Posted tagged ‘men’

A man’s world?

April 23, 2011

When I was a lecturer in the 1980s, a friend of mine (also an academic) got very involved in a men’s group. I had never come across this kind of thing before and was intrigued, but in no way attracted to the concept. As far as I could see, they met and exchanged views on how men were not listened to any more, were unappreciated and lacked self-esteem. As far as I could make out this colleague got increasingly self-absorbed and even aggressive when he came back from these meetings. Well, maybe it was just the way I saw it, maybe it wasn’t really like that.

That was in the 1980s, and a little later the whole thing really took off. Now I read that the University of California at Santa Barbara (UCSB) recently organised their first ‘Men’s Week’, with a programme that covered ‘different aspects of male issues, covering physical, emotional and societal topics relating to men.’

I can easily see that there are lots of things that men should explore that relate to ‘maleness’. These might include men’s health issues (which are often neglected), or a reconsideration of male stereotypes, or an assessment of male under-achievement in education. And yet I am always uneasy about such an approach. I am uneasy about men being persuaded that they suffer a gender disadvantage, whatever the context might be. I am uneasy about men seeing themselves as a group set apart from women.

Maybe I’m all wrong about this, because I certainly see that society may face serious problems because of the disaffection of many young males today. But I have seen too many men who, after being exposed to such discussions, appear to come away believing that men are now the ‘suffering sex’ (as one put it to me recently). In a world where leadership in politics, business and indeed academic life is still dominated by men we must face reality, and not turn it upside down.


No future for men?

July 14, 2008

When I first started to take a professional interest in gender equality – back in the 1970s – the agenda was very clear indeed. We had only just left behind us the idea that it was lawful to pay men and women different rates of pay for the same job (outlawed only in 1974) and the notion that you could reserve posts for men or for women (outlawed in 1977). There were still large female ghettos and areas of male exclusivity: nurses and secretaries were all women, while engineers, senior managers, priests, architects – and frankly any other groups that had leadership status – were all men. The equality agenda was simple enough: get rid of all that disadvantage for women.

Thirty years on, some things have changed dramatically, others have not. The areas of apartheid are still there, though not necessarily the same areas, and while the glass ceiling has been broken for some women, it remains for others. But what has really changed is that we no longer have a clear consensus as to what the equality agenda now is. Alongside what I might call ‘traditional’ feminist concerns (with significant continuing validity) are now the male concerns – about loss of status and self-esteem, lack of parental rights, juvenile male under-achievement, anti-social conduct, and so forth. What is creeping in is the notion that women are on their way to being the privileged group, with men standing on the fringes hurling beer bottles at them on a Saturday night. Journalists and public commentators have made whole careers out of the call to soothe and caress these broken men so that they might feel respected again.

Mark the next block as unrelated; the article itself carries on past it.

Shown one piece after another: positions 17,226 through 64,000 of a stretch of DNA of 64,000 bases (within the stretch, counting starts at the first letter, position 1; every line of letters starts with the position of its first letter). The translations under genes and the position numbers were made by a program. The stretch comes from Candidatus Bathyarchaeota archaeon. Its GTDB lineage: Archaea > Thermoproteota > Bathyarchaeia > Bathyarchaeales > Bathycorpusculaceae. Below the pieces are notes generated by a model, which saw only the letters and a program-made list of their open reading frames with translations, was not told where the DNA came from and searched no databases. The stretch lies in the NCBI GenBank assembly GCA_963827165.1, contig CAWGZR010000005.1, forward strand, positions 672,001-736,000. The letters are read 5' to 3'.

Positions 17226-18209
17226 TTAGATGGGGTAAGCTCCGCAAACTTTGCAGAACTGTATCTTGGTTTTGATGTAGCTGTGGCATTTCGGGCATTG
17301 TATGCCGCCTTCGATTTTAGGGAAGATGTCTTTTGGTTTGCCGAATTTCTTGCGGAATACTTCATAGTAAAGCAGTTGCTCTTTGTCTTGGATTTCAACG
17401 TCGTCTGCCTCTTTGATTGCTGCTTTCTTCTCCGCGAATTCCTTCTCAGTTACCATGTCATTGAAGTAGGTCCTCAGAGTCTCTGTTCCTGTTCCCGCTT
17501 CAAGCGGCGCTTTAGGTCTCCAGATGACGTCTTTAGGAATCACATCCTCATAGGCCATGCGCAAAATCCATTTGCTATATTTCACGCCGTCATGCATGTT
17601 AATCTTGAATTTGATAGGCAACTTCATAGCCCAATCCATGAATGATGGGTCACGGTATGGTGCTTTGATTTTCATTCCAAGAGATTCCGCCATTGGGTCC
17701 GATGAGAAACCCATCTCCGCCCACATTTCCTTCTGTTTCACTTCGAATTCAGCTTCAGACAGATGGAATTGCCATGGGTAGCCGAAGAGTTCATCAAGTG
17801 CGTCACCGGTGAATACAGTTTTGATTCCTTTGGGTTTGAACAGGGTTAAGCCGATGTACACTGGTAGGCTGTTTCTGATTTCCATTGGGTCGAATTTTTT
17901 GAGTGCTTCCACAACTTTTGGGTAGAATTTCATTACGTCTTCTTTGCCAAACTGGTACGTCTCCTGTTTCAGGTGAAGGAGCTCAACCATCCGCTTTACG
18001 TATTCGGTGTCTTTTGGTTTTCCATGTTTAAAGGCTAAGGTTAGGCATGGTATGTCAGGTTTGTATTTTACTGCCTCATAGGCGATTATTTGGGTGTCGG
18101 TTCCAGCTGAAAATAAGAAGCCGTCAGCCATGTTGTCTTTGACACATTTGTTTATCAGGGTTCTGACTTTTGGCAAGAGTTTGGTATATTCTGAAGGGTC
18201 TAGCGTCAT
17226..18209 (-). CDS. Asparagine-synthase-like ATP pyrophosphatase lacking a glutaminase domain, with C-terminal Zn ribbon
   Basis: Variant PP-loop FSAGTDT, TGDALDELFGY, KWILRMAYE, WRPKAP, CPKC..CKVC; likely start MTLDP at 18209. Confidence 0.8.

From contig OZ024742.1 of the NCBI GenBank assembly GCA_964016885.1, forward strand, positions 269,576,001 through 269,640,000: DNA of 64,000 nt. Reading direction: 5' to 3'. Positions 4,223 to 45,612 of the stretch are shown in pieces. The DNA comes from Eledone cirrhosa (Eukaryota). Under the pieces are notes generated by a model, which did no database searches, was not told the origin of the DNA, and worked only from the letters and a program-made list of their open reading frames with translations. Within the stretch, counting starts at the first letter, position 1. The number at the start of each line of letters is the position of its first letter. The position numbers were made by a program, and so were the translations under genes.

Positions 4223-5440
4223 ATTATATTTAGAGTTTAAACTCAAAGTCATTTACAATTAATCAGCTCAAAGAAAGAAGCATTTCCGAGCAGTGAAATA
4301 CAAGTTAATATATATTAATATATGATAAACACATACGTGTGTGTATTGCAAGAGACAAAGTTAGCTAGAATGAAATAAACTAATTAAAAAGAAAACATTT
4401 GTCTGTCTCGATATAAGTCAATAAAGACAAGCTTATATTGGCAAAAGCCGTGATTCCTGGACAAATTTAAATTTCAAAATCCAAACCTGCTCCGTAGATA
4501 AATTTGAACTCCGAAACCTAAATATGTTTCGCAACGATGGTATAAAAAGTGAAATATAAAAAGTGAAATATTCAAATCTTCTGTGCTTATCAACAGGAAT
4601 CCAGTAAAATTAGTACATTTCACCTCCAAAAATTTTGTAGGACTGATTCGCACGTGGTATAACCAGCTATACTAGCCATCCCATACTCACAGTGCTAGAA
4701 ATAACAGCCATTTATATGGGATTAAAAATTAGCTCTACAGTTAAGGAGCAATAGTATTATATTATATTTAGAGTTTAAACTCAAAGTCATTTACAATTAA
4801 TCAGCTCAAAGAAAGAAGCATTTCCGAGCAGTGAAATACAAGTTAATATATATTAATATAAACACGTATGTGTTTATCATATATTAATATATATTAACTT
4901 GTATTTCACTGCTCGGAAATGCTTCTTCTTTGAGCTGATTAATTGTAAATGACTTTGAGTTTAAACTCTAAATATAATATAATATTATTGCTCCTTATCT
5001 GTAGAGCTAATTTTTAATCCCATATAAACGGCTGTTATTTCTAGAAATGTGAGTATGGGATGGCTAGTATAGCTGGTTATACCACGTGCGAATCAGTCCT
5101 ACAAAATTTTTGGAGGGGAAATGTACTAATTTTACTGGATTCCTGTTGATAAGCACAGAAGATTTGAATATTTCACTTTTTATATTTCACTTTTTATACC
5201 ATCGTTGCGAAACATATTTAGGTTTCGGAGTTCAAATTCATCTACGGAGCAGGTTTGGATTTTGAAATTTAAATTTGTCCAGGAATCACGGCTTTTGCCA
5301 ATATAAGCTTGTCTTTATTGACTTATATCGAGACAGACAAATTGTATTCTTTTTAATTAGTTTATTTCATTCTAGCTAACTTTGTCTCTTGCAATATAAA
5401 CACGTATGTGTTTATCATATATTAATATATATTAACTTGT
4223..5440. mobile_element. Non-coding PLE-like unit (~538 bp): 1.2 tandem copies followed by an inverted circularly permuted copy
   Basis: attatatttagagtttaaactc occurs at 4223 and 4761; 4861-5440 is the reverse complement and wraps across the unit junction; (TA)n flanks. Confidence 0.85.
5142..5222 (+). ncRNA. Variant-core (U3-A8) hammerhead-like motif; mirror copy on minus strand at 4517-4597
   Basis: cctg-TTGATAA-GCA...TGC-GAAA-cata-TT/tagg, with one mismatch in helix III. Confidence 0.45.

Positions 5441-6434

So what does it all mean? It certainly is not the case that women are now everywhere in key leadership positions. When I meet the other six Irish university Presidents there isn’t a woman in the room. If I look not just at those in leading positions in industry, the public service and education, but also at those one level below who will be the next generation of leaders, women are still wholly under-represented, and there isn’t even a trend in the opposite direction. On the other hand it is true that young men are woefully under-achieving in education, and in some professions – legal practice, for example – the next generation of superstars will be women.

An interesting analysis of all this was contained in yesterday’s Sunday Times, in an article by Sarah Carey (‘Safer jobs for ladies, higher risks and rewards for men‘). If I am summarising her position correctly, she states that the solution to our problems is not to make special provision for men (of a kind that we never made for women), but that we should relax and let nature take its course; we are unlikely to end up with a female-dominated society and a male underclass.

I agree with her assessment, by and large. I don’t believe we should allow law and policy to follow a half-though-out ‘male liberation’ agenda. However, if there is a problem the key to its solution lies in the environment we create for young people of either gender. There is the business about role models, and the difficulty in motivating young males when only women appear to be tackling their upbringing and education. There is the absence of a proper infrastructure for youth leisure; where are all the youth clubs and other meeting places today, that in the past would have taken juvenile males off streets corners and parks at night?

But in the end we cannot engineer equality for men any more than we succeeded in doing it for women. And more particularly, we should stop imagining that female equality of opportunity is no longer a priority subject because it has been achieved.


Sarah Carey also pursues some of these issues in her blog.